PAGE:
Northwest may blaze U.S. path to green grid
Expanding BPA's transmission system could send wind power to I-5 corridor and produce up to 50,000 jobs
WASHINGTON — During the height of the Great Depression in 1933, one of the largest public-works projects of the New Deal began to take shape on the banks of the Columbia River in Eastern Washington.
Seven thousand workers employed by the Works Progress Administration (WPA) built Grand Coulee Dam — a mile wide and twice as tall as Niagara Falls — along with Bonneville Dam in the Columbia Gorge and a transmission grid that electrified the Northwest.
Folk singer Woody Guthrie was commissioned to write songs about the project, and the electricity from the dams still powers the region.
As the current economic downturn deepens, there is talk of another major public-works project for the Northwest, one that would deliver green wind power to the Interstate 5 corridor, which connects Seattle and Portland, and by some estimates would help create 50,000 jobs.
With Congress set to consider a new stimulus plan early next year, the region's lawmakers want to provide funding for the Depression-era Bonneville Power Administration (BPA) to expand its transmission system.
The plan could be a perfect fit with the incoming administration's support for green energy and green jobs. It also could emerge as a model for turning the nation's antiquated 200,000-mile transmission system into a clean-energy superhighway.
"It's the sleeper issue," said U.S. Rep. Jay Inslee, D-Bainbridge Island, who has emerged as one of the leaders on green-energy issues and climate change in the U.S. House. "We need a grid for this century, not the last."
The Northwest is a microcosm for a problem bedeviling utilities nationwide as they develop renewable-energy resources, mostly in remote areas, but face bottlenecks in delivering the power to population centers.
The BPA, one of a handful of not-for-profit federal utilities, markets about one-third of the electricity consumed in the region. It sells the power produced from 31 federally owned dams on the Columbia River and its tributaries. It also owns and operates 15,000 miles of high-voltage transmission lines.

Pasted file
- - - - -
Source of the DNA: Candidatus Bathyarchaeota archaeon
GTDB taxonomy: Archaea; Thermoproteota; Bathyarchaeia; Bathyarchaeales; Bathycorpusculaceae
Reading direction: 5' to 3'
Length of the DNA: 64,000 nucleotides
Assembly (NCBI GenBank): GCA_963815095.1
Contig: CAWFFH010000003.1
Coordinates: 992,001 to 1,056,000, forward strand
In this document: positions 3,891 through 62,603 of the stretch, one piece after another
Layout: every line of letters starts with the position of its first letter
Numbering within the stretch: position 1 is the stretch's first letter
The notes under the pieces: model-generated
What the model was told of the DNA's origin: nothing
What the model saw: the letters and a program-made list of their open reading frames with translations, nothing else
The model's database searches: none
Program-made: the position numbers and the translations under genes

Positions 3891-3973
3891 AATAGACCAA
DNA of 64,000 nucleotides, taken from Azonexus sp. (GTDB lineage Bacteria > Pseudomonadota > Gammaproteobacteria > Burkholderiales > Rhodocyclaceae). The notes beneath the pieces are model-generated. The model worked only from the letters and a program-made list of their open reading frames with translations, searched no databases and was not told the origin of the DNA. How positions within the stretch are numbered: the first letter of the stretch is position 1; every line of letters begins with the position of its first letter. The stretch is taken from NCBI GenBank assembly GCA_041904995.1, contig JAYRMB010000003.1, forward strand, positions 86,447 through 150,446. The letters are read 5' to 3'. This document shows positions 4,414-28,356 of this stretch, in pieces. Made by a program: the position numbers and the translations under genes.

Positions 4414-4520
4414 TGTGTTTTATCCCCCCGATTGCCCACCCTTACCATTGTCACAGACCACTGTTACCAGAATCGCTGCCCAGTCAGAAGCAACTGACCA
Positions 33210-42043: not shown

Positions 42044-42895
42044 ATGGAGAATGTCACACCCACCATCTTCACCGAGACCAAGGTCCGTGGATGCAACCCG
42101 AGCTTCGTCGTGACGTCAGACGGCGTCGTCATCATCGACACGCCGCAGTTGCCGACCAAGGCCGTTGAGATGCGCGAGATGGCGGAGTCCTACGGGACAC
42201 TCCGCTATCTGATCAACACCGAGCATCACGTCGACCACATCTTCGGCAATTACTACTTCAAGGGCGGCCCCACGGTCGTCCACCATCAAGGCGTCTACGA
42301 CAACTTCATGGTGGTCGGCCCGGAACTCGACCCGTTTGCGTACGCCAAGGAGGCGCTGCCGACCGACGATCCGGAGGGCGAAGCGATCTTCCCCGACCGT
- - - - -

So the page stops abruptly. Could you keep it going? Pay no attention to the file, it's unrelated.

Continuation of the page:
Washington and Oregon have laws requiring utilities to start developing alternative sources of power. The renewable energy of choice in the region is wind.
Giant wind farms with state-of-the-art windmills have sprung up in the Gorge and elsewhere east of the Cascade Mountains in Washington and Oregon. So far, wind is generating about 2,000 megawatts of electricity in the region. An additional 4,700 megawatts are expected to come on line in the next five or so years.
The problem is the BPA doesn't have enough capacity on its existing transmission lines to carry the wind power to the Puget Sound area and Oregon's Willamette Valley.
"Eighty-five percent of our load is in the I-5 corridor, and there is no wind in that corridor," said Brian Silverstein, BPA's vice president for planning.
BPA wants to build about 600 miles of transmission lines at a cost of about $1.5 billion. Several of the seven projects in mind are ready to go, with others requiring environmental reviews.
Nationally, the Energy Department predicts 20 percent of the United States could be powered by wind energy by 2030, but it would cost about $60 billion in transmission lines and facilities to reach that target.
The problem is not just getting wind power to market, but also solar and other alternative-energy resources. The nation's existing transmission system is inadequate.
In 2005, the American Society of Civil Engineers gave the grid a "D" rating and a consulting firm, the Brattle Group of Cambridge, Mass., estimated it would cost $900 billion to modernize the transmission and distribution system.
"In the Northwest and across the country, we need more transmission infrastructure to move electricity from remote areas into population centers like Seattle, and more coordinated regional grid operations," said Rob Gramlich, policy director at the American Wind Energy Association.
All of this comes at a time the credit crunch has made it difficult for utilities to borrow money.
Inslee and other Northwest lawmakers and public utilities hope the stimulus plan Congress wants to have on President-elect Obama's desk the day of his inauguration could help solve the problem.
"It's one of those magic times when crisis is an opportunity," Inslee said.
Steve Johnson, executive director of the Washington state Public Utility District Association, said including expansion of the BPA transmission system in the stimulus bill is a no-brainer.
"It's a modern version of what was done during the Great Depression."
Copyright © 2008 The Seattle Times Company
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